I believe it’s Senator Grassley who’s responsible for most of the recent scrutiny though.

  10. Jim H says:

    These “draconian” conflict of interest restrictions clearly affect innovation and creativity. They prevent NIH scholars from talking to or visiting with private companies. They presume guilt before innocence, which is not an American virtue. The NIH is all about not taking risks. I’d prefer to spend my tax money funding projects that are risky and innovative, not just to maintain the status quo. Wishful thinking, I know, but in Industry most of these NIH plebes would have been fired a long time ago for lack of productivity.

  11. drug_hunter says:

    Regarding #9 (Jonathan) and #10 (Jim H) — if I understand this correctly, interactions of any kind are prohibited. So my worst fears have come to pass. This is insane. Is there anyone from the NIH, or Congress, who has bothered to defend this policy in the light of the incredible damage it does to the world’s ability to discover new medicines? Or who would be willing to do so right here, right now? We’ve got drug companies with compounds, assays, clinical expertise, … but we can’t collaborate or even have a conversation under the current regime.

  12. lynn says:

    As a point of information, industry scientists do participate in (at least some) NIH peer review study sections, especially for SBIRs.

  13. JAB says:

    As an NIHer, I pretty much agree with Derek that we’re actively discouraged from interacting with industry by the current ethics rules. Formal consultancies were prohibited several years ago, and I don’t believe that’s changed. Most of my colleagues shy away from anything that might require ethics office approval. It IS possible to give a simple seminar at an industrial site, with prior approval, and I know of folks who do so. Formal collaborations under a CRADA are permitted, but that’s two orders of magnitude more work to set up. It’s not quite as bad as #11 says – all interactions are not prohibited, but it’s not a good situation either for the public health or for the NIH scientist.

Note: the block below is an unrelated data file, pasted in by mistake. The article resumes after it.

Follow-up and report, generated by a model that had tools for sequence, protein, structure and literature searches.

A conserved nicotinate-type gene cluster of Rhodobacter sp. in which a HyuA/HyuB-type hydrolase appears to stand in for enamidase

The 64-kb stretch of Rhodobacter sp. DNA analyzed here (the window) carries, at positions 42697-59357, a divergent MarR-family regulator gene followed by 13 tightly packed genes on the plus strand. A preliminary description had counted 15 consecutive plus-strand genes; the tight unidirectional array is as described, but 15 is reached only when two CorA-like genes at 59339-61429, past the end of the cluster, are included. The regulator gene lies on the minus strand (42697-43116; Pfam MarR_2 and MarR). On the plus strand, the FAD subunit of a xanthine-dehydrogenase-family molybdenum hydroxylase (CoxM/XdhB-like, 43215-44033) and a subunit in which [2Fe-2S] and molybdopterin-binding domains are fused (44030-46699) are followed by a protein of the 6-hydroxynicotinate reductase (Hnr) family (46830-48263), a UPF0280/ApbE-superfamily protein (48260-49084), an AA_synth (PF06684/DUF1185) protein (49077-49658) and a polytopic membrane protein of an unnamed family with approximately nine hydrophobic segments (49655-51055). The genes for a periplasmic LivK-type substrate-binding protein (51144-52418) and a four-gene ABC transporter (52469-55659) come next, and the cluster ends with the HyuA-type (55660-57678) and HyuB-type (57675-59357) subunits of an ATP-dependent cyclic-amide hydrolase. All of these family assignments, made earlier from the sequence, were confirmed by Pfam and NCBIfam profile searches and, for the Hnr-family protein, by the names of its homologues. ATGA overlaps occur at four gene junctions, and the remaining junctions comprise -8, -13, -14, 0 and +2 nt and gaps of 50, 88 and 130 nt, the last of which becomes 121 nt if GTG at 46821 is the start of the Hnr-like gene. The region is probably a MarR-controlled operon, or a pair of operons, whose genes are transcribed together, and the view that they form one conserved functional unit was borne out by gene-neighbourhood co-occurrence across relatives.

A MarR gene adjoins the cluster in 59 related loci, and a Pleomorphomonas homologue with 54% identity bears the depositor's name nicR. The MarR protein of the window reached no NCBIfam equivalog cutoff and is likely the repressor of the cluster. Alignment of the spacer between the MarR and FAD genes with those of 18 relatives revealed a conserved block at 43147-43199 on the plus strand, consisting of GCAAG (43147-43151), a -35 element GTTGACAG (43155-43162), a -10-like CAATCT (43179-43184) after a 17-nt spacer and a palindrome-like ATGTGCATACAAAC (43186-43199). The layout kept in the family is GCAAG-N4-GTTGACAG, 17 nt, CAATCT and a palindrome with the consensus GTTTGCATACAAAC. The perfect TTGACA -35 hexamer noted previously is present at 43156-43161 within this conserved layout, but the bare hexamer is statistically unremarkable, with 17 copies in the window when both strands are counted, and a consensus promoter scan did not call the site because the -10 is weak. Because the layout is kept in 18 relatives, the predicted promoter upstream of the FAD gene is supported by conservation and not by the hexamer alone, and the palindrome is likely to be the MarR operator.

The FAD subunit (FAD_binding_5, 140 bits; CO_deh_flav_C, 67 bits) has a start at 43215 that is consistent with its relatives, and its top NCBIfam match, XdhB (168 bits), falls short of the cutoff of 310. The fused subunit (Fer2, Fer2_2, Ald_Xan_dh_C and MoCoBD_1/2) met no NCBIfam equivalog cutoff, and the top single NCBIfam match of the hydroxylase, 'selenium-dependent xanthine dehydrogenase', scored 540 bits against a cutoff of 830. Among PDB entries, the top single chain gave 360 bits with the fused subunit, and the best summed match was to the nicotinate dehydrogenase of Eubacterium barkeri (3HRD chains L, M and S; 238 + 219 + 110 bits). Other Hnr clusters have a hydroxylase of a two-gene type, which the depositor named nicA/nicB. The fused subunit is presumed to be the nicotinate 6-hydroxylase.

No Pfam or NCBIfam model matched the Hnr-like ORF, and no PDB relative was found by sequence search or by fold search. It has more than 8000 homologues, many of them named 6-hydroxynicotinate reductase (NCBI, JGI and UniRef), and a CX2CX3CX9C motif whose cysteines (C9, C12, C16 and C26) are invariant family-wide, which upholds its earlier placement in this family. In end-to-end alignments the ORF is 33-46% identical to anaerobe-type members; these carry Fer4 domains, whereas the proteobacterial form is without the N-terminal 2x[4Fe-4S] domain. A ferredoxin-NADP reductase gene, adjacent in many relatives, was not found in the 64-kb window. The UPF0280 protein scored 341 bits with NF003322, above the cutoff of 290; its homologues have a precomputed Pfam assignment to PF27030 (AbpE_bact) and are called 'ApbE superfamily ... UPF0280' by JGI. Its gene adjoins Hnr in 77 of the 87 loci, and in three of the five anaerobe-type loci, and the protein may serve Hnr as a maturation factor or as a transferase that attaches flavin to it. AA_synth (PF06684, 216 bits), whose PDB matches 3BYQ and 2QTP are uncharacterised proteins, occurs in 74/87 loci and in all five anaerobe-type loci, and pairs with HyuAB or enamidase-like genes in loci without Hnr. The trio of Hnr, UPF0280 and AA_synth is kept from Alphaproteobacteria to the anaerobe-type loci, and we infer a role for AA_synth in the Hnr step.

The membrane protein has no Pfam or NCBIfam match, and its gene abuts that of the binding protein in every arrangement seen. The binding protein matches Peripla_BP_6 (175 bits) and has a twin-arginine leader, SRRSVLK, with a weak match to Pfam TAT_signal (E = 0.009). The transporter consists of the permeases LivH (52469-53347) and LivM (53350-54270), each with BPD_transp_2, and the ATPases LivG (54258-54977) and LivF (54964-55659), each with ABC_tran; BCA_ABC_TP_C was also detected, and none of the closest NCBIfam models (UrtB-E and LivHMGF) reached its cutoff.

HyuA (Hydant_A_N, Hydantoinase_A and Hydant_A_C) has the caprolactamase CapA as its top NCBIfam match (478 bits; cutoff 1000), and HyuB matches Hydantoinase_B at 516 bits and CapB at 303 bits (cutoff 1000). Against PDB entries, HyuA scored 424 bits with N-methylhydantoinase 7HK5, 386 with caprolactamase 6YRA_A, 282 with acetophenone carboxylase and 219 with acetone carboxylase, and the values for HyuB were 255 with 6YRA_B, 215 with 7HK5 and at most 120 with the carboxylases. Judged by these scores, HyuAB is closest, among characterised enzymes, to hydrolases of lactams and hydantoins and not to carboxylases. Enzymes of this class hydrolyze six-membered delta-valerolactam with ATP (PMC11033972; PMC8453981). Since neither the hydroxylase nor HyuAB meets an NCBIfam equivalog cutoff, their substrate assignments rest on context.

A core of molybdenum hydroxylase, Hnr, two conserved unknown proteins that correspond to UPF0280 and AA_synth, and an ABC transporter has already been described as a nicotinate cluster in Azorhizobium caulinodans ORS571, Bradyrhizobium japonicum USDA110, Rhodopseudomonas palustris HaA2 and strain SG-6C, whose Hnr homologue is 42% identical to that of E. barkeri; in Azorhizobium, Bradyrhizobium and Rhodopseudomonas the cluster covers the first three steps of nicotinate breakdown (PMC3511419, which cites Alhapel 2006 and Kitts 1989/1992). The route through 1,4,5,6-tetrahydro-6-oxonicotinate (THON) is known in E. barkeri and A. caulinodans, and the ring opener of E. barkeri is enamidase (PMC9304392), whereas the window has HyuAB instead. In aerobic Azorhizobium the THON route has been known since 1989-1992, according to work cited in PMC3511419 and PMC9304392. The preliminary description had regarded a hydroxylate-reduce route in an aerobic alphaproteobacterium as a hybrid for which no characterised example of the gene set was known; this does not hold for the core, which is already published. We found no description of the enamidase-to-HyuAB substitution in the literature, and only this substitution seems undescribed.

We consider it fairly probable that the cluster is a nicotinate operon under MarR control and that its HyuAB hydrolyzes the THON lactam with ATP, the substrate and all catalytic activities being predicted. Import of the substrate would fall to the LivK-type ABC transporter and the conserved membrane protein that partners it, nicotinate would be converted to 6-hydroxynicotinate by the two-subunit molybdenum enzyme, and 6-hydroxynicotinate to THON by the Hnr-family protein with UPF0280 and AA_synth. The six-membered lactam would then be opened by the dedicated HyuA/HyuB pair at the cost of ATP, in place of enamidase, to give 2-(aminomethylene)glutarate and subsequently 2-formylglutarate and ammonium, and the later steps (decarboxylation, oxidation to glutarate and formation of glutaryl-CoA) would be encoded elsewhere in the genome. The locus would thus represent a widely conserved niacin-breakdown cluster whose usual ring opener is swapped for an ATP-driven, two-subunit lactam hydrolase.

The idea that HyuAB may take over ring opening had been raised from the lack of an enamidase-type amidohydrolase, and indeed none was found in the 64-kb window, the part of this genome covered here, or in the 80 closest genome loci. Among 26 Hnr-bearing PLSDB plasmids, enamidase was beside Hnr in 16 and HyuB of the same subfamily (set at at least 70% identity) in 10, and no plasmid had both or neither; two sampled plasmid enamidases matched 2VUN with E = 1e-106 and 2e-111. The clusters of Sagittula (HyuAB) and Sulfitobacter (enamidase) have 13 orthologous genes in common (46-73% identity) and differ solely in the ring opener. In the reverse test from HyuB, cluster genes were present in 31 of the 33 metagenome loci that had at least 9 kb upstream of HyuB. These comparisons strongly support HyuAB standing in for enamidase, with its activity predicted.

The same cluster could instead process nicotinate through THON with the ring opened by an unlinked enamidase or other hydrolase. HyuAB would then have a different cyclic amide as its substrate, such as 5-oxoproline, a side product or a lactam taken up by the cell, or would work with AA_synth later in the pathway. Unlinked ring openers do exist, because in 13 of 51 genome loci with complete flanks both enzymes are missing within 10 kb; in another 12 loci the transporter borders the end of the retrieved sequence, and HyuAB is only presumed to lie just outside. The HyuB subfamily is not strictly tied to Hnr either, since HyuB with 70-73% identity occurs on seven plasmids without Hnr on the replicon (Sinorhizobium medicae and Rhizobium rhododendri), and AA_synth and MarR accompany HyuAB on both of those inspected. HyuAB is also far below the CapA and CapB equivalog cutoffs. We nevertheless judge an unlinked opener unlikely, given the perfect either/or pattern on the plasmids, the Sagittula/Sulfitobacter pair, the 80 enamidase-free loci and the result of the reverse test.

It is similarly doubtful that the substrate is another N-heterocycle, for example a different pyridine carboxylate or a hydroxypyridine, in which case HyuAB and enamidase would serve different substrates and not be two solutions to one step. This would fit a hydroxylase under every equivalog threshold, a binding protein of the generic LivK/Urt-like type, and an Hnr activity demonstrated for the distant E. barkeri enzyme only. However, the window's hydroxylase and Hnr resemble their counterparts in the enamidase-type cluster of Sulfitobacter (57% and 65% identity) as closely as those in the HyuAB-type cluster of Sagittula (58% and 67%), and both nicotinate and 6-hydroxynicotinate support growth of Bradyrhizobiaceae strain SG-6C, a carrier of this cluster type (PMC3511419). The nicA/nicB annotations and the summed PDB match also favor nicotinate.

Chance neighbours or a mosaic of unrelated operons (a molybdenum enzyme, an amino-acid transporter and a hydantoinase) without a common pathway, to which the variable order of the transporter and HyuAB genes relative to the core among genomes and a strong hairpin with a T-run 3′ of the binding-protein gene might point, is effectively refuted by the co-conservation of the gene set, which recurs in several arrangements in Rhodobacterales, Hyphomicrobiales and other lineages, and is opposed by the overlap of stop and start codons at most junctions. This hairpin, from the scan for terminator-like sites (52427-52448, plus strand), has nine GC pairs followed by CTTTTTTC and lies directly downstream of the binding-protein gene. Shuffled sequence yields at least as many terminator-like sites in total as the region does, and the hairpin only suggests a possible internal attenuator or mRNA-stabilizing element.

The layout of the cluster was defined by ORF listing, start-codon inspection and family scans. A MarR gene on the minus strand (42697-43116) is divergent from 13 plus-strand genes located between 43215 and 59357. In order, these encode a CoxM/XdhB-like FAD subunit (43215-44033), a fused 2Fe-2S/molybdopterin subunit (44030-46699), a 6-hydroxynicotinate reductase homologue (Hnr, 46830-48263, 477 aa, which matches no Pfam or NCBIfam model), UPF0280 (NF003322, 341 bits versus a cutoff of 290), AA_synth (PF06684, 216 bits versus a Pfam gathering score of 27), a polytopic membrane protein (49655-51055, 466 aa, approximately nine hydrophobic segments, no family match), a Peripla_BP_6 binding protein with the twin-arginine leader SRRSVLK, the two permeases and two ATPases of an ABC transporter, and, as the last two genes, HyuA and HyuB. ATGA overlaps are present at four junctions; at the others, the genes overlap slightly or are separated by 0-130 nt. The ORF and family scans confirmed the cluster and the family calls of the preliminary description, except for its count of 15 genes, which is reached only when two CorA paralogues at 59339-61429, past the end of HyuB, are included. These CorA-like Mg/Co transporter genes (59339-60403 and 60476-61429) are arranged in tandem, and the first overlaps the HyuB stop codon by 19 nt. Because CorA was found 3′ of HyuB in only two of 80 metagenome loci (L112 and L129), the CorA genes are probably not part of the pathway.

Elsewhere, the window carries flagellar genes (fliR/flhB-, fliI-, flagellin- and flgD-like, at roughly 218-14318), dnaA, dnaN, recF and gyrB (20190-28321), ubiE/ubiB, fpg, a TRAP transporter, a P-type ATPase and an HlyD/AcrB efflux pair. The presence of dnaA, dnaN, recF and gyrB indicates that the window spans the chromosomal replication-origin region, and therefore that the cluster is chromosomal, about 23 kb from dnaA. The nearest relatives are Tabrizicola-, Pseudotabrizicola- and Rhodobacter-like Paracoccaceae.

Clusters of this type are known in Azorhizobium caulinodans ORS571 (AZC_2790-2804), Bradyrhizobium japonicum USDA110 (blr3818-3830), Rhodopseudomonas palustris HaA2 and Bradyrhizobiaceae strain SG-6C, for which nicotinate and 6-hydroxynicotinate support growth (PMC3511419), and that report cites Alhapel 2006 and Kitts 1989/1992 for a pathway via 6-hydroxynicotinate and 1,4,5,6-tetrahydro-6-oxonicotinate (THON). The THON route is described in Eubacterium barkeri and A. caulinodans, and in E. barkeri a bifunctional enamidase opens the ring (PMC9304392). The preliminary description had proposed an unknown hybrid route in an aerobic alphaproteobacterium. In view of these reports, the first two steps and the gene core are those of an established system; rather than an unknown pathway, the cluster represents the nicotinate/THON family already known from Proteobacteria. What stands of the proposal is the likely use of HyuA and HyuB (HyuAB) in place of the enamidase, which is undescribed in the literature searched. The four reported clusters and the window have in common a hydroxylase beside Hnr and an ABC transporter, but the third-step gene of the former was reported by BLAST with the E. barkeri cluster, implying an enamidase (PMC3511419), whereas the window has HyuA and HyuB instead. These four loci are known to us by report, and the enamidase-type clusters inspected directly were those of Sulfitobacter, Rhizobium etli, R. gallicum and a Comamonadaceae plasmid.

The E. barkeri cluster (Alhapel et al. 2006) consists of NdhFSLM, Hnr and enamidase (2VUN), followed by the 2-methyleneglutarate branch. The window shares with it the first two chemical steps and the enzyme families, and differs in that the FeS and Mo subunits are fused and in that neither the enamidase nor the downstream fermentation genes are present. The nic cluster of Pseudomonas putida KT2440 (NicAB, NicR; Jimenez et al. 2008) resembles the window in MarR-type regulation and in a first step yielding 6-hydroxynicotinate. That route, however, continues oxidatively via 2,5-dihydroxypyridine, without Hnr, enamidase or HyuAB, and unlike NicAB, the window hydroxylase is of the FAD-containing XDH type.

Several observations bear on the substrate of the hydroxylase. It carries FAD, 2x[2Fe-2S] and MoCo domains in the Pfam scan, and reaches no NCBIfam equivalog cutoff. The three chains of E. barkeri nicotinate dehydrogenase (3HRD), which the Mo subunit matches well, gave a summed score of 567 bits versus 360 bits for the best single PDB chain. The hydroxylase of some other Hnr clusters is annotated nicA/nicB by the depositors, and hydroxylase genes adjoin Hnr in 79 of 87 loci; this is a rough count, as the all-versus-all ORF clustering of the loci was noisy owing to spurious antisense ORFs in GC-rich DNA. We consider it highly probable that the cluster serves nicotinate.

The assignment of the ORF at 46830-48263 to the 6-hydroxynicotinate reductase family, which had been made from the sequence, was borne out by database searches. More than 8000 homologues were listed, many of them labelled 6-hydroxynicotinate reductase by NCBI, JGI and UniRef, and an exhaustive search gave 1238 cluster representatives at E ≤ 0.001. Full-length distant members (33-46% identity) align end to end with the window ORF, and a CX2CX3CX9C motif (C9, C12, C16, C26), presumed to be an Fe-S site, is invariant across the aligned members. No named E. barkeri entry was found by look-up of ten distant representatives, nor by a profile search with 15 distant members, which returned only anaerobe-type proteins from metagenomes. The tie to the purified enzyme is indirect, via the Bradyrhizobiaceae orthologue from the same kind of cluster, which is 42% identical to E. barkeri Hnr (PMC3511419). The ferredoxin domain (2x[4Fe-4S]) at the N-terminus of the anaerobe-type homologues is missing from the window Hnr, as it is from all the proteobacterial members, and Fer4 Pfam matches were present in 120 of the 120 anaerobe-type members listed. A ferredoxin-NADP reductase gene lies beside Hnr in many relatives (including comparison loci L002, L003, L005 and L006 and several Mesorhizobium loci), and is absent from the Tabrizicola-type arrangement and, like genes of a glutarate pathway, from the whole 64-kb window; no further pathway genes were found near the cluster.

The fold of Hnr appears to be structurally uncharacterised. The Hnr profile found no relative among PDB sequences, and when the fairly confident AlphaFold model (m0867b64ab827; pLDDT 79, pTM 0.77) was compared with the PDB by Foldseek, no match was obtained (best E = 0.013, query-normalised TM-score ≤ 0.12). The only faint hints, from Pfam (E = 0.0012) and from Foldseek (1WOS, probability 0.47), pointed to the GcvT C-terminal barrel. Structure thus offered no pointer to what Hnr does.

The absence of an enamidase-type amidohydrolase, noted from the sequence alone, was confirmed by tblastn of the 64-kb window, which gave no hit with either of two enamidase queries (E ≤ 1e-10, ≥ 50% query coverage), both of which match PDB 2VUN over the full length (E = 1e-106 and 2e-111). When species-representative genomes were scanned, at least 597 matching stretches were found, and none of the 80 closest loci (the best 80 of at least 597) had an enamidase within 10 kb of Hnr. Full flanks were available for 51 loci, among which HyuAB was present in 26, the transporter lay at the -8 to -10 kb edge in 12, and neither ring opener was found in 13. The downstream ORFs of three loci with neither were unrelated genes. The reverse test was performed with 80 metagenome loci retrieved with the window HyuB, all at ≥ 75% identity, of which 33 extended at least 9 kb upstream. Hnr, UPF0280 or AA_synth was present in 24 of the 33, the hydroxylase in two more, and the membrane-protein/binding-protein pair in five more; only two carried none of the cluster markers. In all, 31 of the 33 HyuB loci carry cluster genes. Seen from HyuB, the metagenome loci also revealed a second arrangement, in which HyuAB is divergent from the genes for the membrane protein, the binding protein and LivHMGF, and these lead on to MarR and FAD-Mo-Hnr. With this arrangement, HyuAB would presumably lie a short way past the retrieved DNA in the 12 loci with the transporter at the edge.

14. CMCguy says:

    Doesn’t this go beyond NIH staff and intent is to apply strict rules to the academics who receive NIH funding? That’s were it could provide serious inhibition to interactions and innovation. Even though involves NIH grants which always comes with strings attached and should include ethical behavior expectations this would seem to be further mindset that NIH/Big Government can do things better alone and as implied by others the “taint of industry” smacks of presumption of guilt with any such relationships per Angell’s mantra.

  15. Innovorich says:

    Aren’t the NIH guidelines on ethics not in conflict with the Bayh-Dole act anyway? In which case the NIH should stop handing out money because the US government is telling every university to break their rules!

  16. drug_hunter says:

    #13 (JAB) said “It IS possible to give a simple seminar at an industrial site, with prior approval, and I know of folks who do so.” I believe him. But, as a practical matter, is the NIH researcher, in these times of cutbacks, likely to have the money in his budget to cover the travel costs? Let’s say a flight, a hotel, and a dinner — even with nothing fancy, could easily be $1,000. If the NIH researcher doesn’t have that money available, he won’t be able to give the “simple seminar.” So the opportunity for interaction is lost.

  17. Otis Blanchard says:

    Sen Orin Hatch R-UT has a major supplemen manufacturer in his home state. It’s also connected to the book of Mormon, where their is a belief in “natural cures from the earth”. A rattlesnake is natural, and that’ll kill you… So is E.Coli, etc…
    So money, faith, and voters..
    I think I have an expose from Wired, I think, on my home computer.

  18. John David Galt says:

    Avoiding both the fact and appearance has always been required of accountants who audit companies. And these days, corruption in the science field has the potential to cost everybody sums that make the Enron and Worldcom scandals look tiny.
    Bravo to NIH for implementing these rules, and I hope they’ll soon be extended to all agencies and universities that receive tax-funded science grants or conduct studies to answer important questions such as that of “climate change.”
    Sweeping under the rug corruption such as that shown by the ClimateGate e-mails only discredits the organization doing the sweeping, even if it’s the Nobel committee of the Swedish parliament.

  19. MIMD says:

    As they taught us at Merck, once upon a time, about how to judge what’s ethical and what’s not: